Through her research, anthropologist and professor Catrien Notermans has encountered instances of non-believing tourists lighting candles for saints, Muslims extending invitations to Christian pilgrims to dine in their mosques, and women bringing their menstrual blood to a Catholic altar in a cave. These are examples of a growing trend in contemporary European pilgrimage, marked by interfaith dialogue and shared pilgrimage.[18]

Another interesting topic is the rise of green pilgrimage. The European Green Pilgrimage Network (EGPN)[19] started from the Green Pilgrimage Network, a global group of pilgrim cities committed to eco-friendly pilgrimage. Its goal is to reduce the environmental impact of pilgrimage and to encourage environmental care as a religious duty. Its website provides guidance on several essential aspects to consider when incorporating eco-friendly practices into a pilgrimage city, place, or route. The network includes pilgrimage sites and religious groups across Europe, from Canterbury in the United Kingdom to Vadstena in Sweden, and from Trondheim in Norway to Etchmiadzin in Armenia.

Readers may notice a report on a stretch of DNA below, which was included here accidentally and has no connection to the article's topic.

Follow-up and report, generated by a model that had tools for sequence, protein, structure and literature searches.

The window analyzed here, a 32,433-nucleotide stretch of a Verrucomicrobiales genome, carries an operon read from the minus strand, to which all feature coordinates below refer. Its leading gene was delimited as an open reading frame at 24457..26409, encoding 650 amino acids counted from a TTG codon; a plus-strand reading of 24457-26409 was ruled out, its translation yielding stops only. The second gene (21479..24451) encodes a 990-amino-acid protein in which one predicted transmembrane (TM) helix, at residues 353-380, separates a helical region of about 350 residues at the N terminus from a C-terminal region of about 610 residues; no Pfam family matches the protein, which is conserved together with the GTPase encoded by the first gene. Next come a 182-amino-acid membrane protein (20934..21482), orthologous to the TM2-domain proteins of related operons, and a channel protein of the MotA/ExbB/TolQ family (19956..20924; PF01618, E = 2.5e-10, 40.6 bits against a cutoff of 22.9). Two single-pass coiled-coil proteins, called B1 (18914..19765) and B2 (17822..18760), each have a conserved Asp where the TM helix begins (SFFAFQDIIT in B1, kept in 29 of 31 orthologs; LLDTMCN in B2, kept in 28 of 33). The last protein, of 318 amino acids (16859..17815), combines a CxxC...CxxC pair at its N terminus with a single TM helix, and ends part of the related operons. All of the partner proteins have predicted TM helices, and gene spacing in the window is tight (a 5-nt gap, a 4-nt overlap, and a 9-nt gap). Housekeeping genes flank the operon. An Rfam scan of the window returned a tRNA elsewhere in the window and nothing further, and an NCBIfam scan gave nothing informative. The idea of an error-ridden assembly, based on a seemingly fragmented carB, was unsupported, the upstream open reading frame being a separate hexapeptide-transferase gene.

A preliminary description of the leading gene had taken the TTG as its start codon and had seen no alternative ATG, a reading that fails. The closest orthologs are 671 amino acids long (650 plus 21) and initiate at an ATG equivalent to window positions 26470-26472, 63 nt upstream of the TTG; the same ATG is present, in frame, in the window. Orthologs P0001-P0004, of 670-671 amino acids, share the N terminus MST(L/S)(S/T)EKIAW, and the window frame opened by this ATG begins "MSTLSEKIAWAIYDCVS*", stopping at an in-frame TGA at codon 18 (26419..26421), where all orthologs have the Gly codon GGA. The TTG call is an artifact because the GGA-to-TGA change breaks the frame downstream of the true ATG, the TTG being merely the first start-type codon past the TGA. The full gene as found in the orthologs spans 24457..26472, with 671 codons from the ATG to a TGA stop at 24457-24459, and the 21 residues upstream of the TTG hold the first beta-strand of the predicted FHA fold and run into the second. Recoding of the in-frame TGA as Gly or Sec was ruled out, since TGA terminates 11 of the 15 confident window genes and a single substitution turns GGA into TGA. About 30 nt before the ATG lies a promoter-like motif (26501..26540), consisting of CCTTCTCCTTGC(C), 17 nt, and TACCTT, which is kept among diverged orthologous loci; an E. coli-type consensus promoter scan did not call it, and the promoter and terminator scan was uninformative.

As pilgrimage experiences a revitalisation, it welcomes new dimensions and motivations, leading to a rise in interfaith dialogue and shared pilgrimage endeavours. This trend promotes understanding and unity among various religious and cultural groups. Additionally, initiatives like the European Green Pilgrimage Network underscore the growing acknowledgement of environmental sustainability within pilgrimage practices, enhancing the spiritual journey for modern-day pilgrims.

Talía Jiménez Romero

To all news items ->

Learn more about religion and society on the EARS Dashboard


[1] European Green Pilgrimage Network

[2] Gender, Nation and Religion in European Pilgrimage

[3] Secular pilgrims: why ancient trails still pack a spiritual punch

[4] Ibidem

[5]The rejuvenation of European pilgrimage routes

[6]The rejuvenation of European pilgrimage routes

[7] Camino de Santiago

[8] The rejuvenation of European pilgrimage routes

[9] Via Francigena

[10] The rejuvenation of European pilgrimage routes

[11] Paganism in Europe: A contemporary revival unveiled

[12] The hill of Tara

[13] The rejuvenation of European pilgrimage routes

[14] The Cultural Routes of the Council of Europe

[15] Itinéraire Européen Saint-Michel

[16] Via della Lana e della Seta

[17] Il Cammino nelle Terre Mutate

[18] Gender, Nation and Religion in European Pilgrimage

[19] European Green Pilgrimage Network (EGPN)